New York, U.S. | Xinhua | U.S. pharmaceutical giant Pfizer Inc. Tuesday said final results show that its novel COVID-19 oral antiviral tablets could reduce risk of hospitalization or death by close to 90 percent for high-risk patients.
The results, based on an analysis of over 2,000 patients in a phase 2/3 trial, were consistent with the interim analysis announced in November 2021, according to a release by Pfizer on Tuesday.
The risk of hospitalization or death was reduced by 89 percent compared to placebo in non-hospitalized, high-risk adult patients with COVID-19 treated within three days of symptom onset, said Pfizer.
The treatment of patients by the oral antiviral pill within five days of symptom onset reduced risk of hospitalization or death by 88 percent up from 85 percent shown in the interim analysis, Pfizer added.
Pfizer has shared the final results with the U.S. Food and Drug Administration (FDA) as part of an ongoing rolling submission for emergency use authorization regarding the COVID-19 oral antiviral candidate.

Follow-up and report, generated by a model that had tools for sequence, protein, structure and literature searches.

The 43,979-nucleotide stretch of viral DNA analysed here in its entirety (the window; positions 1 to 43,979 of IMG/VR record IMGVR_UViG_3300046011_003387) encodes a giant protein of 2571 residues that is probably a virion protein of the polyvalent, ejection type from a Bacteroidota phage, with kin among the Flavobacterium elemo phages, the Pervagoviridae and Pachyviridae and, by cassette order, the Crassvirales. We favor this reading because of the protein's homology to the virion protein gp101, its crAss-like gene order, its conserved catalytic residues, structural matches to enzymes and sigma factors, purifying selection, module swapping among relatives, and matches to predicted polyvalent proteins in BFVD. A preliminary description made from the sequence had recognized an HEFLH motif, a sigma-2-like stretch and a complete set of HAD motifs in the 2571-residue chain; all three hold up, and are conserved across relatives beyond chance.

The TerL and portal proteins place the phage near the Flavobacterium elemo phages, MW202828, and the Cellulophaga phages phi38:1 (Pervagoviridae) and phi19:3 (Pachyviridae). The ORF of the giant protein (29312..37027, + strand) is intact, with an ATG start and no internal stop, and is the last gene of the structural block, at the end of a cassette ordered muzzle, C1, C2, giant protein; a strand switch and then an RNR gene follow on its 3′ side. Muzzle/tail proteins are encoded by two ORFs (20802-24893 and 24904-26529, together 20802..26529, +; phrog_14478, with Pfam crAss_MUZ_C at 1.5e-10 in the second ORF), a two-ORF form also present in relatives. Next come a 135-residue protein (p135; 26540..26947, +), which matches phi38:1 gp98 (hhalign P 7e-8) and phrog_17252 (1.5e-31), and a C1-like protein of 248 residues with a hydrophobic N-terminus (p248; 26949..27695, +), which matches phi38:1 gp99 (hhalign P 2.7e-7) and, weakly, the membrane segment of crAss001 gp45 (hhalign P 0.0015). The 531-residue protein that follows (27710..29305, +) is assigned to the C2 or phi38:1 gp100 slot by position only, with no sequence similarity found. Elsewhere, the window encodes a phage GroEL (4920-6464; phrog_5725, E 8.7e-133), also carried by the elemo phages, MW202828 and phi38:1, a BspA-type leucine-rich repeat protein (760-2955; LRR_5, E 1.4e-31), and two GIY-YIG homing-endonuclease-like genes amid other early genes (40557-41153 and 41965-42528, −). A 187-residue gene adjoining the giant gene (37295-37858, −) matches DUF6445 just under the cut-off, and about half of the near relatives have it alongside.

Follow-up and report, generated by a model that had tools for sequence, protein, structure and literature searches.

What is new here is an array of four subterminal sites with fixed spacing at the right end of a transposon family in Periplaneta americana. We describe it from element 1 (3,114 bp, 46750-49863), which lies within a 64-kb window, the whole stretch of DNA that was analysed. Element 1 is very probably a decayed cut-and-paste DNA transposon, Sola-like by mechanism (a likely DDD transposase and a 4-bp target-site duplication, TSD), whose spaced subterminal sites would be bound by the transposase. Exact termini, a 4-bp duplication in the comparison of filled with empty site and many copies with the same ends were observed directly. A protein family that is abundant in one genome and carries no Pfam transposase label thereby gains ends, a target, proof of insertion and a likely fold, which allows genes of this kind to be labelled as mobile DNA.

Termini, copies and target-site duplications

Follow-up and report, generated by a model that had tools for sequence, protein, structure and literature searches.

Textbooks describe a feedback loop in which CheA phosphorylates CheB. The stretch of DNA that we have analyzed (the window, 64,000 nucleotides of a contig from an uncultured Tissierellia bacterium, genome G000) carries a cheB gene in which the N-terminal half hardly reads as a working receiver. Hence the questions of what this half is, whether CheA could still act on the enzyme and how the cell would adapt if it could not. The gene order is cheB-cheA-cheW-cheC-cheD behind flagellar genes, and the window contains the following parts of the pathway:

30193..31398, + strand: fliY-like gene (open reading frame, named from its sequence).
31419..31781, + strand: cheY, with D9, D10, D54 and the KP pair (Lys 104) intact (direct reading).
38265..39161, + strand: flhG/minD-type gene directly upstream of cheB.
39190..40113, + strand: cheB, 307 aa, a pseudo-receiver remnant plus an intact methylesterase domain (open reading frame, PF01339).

“Emerging variants of concern, like Omicron, have exacerbated the need for accessible treatment options for those who contract the virus, and we are confident that, if authorized or approved, this potential treatment could be a critical tool to help quell the pandemic,” said Albert Bourla, chairman and chief executive officer of Pfizer.
Moreover, the oral antiviral pill reduced the risk of hospitalization by 70 percent in regards to standard-risk patients, according to interim analyses of another phase 2/3 trial by Pfizer.
The pill reduced viral load by approximately 10-fold at the fifth day of treatment compared with placebo in both the trials with high-risk and standard-risk patients, according to the release.
On Nov. 30, an advisory panel to the FDA recommended the authorization of a COVID-19 antiviral pill, which is developed by Merck & Co, Inc. and Ridgeback Biotherapeutics LP with at least 30 percent of efficacy than a placebo at preventing hospitalizations and death from COVID-19 infections.